ferry

[fer-ee]
noun, plural fer·ries.
  1. a commercial service with terminals and boats for transporting persons, automobiles, etc., across a river or other comparatively small body of water.
  2. a ferryboat.
  3. a service for flying airplanes over a particular route, especially the delivery of airplanes to an overseas purchaser or base of operations.
  4. the legal right to ferry passengers, cargo, etc., and to charge for the service.
verb (used with object), fer·ried, fer·ry·ing.
  1. to carry or convey back and forth over a fixed route in a boat or plane.
  2. to fly (an airplane) over a particular route, especially for delivery.
verb (used without object), fer·ried, fer·ry·ing.
  1. to go in a ferry.

Origin of ferry

before 1150; Middle English ferien, Old English ferian to carry; cognate with Old Norse ferja, Gothic farjan; akin to fare
Related formsun·fer·ried, adjective
Dictionary.com Unabridged Based on the Random House Unabridged Dictionary, © Random House, Inc. 2018


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British Dictionary definitions for ferries

ferry

noun plural -ries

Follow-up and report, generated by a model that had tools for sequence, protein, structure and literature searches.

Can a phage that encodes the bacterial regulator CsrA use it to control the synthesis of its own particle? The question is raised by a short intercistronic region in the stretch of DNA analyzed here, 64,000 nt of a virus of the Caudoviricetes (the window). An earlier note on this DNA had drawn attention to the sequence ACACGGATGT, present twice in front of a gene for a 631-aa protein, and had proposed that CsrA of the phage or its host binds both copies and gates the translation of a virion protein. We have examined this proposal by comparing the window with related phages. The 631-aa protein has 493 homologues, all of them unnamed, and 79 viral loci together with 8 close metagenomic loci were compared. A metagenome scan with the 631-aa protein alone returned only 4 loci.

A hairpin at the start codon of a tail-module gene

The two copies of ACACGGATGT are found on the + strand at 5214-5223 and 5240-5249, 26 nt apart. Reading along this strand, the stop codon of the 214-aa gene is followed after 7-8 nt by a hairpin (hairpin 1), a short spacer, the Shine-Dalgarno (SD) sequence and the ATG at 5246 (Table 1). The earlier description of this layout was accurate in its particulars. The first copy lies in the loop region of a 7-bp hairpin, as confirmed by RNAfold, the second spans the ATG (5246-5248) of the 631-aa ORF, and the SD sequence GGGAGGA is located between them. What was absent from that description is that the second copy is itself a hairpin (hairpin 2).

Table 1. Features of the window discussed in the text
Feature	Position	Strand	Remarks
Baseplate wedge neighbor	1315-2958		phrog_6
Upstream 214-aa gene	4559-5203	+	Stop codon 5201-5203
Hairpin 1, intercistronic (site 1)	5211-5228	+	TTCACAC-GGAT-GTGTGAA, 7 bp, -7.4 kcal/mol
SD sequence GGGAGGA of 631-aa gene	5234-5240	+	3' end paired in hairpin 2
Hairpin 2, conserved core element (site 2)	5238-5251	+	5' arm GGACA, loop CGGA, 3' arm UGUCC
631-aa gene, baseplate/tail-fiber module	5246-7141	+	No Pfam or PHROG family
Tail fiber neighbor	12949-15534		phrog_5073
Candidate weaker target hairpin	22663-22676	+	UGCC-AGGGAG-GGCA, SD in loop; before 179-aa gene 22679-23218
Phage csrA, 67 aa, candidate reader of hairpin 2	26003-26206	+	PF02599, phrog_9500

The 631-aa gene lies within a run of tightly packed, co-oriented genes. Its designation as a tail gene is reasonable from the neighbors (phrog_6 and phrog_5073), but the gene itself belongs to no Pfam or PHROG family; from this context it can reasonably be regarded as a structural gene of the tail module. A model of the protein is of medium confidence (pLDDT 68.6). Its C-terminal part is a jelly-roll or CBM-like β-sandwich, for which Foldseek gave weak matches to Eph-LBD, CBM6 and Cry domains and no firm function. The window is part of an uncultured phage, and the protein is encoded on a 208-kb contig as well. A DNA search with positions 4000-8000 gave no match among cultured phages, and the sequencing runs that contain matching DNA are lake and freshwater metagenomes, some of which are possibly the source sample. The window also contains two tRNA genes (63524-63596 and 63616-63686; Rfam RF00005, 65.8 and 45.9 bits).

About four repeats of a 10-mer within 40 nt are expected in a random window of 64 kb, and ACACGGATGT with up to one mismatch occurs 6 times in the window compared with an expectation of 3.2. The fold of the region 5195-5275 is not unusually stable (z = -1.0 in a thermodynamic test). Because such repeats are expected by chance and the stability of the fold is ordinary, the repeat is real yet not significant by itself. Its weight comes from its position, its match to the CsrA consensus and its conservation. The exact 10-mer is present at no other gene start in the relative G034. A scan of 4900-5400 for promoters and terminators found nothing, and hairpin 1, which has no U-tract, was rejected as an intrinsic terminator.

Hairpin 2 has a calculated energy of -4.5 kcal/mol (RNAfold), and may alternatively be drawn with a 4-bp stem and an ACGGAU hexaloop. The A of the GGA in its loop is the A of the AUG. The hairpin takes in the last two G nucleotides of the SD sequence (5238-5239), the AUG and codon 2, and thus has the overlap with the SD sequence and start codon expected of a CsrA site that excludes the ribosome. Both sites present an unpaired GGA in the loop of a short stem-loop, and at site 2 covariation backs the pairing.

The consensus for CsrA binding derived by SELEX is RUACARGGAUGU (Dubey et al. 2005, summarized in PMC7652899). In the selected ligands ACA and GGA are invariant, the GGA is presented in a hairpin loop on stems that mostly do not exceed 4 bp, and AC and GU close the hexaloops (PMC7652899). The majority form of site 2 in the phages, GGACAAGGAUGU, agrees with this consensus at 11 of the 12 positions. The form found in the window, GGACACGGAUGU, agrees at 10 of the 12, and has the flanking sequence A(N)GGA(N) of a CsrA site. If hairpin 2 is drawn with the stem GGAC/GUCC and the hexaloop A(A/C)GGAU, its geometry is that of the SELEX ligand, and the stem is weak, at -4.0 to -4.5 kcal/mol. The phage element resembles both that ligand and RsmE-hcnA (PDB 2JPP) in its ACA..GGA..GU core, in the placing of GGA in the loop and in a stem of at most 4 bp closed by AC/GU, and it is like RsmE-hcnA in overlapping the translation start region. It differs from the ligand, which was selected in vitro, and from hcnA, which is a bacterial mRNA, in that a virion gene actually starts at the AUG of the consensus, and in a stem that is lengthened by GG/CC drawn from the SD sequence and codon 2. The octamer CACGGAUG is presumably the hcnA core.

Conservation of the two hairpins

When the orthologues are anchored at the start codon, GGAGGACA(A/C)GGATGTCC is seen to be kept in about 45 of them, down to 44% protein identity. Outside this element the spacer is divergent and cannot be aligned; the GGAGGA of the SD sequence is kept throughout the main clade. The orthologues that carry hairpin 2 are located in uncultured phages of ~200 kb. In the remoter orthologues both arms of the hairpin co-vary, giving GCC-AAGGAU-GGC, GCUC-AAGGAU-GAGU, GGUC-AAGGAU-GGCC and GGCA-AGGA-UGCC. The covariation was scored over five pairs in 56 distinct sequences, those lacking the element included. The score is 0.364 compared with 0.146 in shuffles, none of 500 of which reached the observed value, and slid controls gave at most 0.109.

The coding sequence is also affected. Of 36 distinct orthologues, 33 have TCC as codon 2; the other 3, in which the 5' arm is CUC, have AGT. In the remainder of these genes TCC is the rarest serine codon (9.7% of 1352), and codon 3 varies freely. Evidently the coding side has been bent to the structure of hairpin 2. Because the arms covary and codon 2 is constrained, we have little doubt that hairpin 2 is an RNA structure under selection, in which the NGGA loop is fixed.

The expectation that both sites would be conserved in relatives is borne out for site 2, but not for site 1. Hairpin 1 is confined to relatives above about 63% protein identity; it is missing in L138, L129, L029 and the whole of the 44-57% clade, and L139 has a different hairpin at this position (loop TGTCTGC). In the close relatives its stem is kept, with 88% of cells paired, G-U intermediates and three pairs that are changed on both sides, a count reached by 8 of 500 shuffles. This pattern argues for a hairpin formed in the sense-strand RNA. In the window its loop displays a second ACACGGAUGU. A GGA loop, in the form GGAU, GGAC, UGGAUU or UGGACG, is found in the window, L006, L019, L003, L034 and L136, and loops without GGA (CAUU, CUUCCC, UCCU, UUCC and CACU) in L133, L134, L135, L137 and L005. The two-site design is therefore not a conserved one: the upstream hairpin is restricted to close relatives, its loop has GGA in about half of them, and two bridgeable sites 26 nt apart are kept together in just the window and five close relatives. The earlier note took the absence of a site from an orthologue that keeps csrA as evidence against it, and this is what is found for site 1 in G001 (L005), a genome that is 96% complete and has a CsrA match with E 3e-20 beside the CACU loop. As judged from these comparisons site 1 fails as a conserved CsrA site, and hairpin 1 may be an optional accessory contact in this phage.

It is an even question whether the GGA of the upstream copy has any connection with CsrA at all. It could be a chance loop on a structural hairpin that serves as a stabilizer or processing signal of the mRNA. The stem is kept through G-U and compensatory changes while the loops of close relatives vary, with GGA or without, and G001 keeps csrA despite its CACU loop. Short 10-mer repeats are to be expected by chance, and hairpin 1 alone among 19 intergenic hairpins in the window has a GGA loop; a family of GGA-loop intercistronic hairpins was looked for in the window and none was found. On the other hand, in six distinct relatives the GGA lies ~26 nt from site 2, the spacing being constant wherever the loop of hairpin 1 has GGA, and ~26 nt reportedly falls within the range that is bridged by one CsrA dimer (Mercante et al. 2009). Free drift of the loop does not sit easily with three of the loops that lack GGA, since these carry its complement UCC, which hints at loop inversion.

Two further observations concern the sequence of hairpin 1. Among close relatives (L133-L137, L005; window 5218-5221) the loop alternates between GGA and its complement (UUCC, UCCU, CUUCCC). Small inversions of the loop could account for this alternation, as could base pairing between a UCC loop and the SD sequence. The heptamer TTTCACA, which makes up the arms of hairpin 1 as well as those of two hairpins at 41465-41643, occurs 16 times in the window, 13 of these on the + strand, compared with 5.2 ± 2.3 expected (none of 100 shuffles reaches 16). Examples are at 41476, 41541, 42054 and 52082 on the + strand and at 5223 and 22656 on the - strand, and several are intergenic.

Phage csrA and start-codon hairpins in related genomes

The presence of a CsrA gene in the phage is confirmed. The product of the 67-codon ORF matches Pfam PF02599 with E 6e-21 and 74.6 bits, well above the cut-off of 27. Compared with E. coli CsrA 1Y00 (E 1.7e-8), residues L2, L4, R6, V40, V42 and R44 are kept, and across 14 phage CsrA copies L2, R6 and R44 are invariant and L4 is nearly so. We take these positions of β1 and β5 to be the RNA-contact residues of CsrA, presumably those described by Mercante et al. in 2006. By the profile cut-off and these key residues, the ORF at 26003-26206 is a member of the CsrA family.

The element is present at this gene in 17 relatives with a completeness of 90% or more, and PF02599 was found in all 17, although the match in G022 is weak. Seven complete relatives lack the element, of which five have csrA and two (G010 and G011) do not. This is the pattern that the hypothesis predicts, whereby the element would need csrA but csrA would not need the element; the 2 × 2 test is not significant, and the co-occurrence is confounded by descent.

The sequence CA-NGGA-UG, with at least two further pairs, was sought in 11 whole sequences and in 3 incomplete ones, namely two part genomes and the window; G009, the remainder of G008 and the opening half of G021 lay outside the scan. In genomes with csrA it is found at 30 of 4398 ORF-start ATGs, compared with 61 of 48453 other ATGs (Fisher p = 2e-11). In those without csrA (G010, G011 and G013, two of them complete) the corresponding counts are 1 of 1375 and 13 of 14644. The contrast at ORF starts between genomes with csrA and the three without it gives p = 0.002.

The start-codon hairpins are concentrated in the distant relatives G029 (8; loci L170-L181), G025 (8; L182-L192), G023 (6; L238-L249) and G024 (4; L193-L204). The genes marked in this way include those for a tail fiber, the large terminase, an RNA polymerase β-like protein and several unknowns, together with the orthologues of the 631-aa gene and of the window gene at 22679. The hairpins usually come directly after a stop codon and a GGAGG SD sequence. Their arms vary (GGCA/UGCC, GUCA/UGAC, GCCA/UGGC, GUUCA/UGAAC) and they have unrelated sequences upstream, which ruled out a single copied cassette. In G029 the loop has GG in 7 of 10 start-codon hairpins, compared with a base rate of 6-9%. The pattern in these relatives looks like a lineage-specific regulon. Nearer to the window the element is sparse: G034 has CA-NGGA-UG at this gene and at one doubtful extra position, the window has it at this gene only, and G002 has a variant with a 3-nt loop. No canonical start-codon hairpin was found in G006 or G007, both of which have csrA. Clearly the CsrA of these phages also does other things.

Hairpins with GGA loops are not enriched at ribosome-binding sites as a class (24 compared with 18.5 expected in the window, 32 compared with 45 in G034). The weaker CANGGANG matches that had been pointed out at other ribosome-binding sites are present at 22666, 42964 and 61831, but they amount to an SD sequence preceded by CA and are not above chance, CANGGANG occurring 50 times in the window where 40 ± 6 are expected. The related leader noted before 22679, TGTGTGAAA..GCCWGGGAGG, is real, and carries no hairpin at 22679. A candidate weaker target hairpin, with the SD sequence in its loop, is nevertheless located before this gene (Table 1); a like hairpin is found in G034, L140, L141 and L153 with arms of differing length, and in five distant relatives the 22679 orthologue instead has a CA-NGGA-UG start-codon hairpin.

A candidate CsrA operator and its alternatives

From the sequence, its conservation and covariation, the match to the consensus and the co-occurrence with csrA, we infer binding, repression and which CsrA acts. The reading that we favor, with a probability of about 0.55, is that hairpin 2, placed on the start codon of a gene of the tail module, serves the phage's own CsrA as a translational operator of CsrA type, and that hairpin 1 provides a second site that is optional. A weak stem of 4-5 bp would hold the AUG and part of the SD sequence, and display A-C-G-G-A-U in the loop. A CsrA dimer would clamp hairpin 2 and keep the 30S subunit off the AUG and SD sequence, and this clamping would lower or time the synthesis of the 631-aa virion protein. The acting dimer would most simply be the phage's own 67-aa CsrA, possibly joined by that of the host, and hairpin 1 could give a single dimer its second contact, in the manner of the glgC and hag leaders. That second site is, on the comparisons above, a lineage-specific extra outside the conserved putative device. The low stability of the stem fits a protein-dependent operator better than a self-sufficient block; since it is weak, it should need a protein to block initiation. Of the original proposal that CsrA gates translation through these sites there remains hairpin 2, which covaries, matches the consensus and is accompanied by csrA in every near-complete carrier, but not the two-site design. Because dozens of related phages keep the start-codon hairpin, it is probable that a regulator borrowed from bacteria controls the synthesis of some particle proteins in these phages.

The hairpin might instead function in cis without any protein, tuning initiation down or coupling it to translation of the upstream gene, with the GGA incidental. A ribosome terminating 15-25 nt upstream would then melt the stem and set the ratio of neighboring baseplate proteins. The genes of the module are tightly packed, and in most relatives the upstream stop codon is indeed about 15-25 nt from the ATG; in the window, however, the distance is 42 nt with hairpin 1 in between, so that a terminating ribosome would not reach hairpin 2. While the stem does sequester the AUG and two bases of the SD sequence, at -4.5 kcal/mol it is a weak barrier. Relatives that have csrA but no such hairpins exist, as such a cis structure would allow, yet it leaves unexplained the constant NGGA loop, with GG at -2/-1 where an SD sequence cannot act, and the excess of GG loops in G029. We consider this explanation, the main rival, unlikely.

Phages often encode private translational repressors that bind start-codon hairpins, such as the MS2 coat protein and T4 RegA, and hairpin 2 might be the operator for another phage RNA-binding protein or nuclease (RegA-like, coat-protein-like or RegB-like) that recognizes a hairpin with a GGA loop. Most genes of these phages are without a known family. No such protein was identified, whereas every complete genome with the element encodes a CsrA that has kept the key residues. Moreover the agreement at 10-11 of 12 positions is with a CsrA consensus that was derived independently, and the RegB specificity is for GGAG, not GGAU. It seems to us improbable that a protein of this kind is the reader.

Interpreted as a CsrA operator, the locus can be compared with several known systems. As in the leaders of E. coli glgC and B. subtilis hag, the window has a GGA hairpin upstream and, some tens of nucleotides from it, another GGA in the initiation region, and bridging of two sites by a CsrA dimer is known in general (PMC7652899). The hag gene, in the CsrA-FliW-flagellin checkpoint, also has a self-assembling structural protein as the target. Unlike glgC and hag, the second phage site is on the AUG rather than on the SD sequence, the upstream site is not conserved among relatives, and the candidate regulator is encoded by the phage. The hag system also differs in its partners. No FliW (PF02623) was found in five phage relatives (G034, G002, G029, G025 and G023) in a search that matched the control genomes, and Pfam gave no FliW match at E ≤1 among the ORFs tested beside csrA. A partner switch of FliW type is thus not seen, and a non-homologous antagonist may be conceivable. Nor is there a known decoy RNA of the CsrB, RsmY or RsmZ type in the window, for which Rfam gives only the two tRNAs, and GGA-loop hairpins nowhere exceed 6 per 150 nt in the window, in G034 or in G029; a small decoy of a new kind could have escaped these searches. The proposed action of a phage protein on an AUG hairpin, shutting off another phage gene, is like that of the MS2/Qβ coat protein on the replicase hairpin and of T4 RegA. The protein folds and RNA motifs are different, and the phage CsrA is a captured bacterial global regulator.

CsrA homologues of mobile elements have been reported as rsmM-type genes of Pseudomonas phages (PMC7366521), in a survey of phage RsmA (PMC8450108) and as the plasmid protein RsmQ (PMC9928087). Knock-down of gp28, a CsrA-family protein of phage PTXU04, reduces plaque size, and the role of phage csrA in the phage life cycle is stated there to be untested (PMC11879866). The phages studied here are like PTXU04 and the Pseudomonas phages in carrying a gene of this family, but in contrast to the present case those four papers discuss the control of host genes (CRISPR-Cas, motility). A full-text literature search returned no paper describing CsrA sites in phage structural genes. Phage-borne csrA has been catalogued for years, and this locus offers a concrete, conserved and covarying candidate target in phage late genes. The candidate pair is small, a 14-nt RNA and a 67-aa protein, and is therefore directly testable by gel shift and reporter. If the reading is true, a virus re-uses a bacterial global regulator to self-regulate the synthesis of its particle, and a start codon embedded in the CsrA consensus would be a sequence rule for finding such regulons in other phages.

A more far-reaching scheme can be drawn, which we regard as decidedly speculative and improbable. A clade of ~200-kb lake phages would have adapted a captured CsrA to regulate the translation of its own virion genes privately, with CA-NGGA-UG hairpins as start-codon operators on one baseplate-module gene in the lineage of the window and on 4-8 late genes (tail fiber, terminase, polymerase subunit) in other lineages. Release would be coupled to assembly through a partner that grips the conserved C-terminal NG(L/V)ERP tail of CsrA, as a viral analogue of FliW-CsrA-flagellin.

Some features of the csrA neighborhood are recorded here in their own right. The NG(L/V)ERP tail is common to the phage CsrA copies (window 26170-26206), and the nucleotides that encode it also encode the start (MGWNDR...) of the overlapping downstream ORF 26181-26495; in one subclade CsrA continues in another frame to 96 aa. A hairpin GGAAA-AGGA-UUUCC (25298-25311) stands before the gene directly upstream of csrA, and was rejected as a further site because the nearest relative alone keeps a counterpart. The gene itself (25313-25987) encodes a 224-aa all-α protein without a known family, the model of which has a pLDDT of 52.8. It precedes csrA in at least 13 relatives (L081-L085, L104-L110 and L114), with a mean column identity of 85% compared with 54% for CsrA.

1. Also called: ferryboat a vessel for transporting passengers and usually vehicles across a body of water, esp as a regular service
    1. such a service
    2. (in combination)a ferryman
  2. a legal right to charge for transporting passengers by boat
  3. the act or method of delivering aircraft by flying them to their destination
verb -ries, -rying or -ried
  1. to transport or go by ferry
  2. to deliver (an aircraft) by flying it to its destination
  3. (tr) to convey (passengers, goods, etc)the guests were ferried to the church in taxis

Word Origin for ferry

Old English ferian to carry, bring; related to Old Norse ferja to transport, Gothic farjan; see fare
Collins English Dictionary - Complete & Unabridged 2012 Digital Edition © William Collins Sons & Co. Ltd. 1979, 1986 © HarperCollins Publishers 1998, 2000, 2003, 2005, 2006, 2007, 2009, 2012

Word Origin and History for ferries

ferry

n.

early 15c., "a passage over a river," from Old Norse ferju- "passage across water," ultimately from the same Germanic root as ferry (v.). The modern noun (1580s) is a shortening of ferry boat (mid-15c.).

ferry

v.

Old English ferian "to carry, convey, bring, transport," from Proto-Germanic *farjanan (cf. Old Frisian feria "carry, transport," Old Norse ferja "to pass over, to ferry," Gothic farjan "travel by boat"), from PIE *per- "going, passage." Related to fare (v.). Related: Ferried; ferries; ferrying.

Online Etymology Dictionary, © 2010 Douglas Harper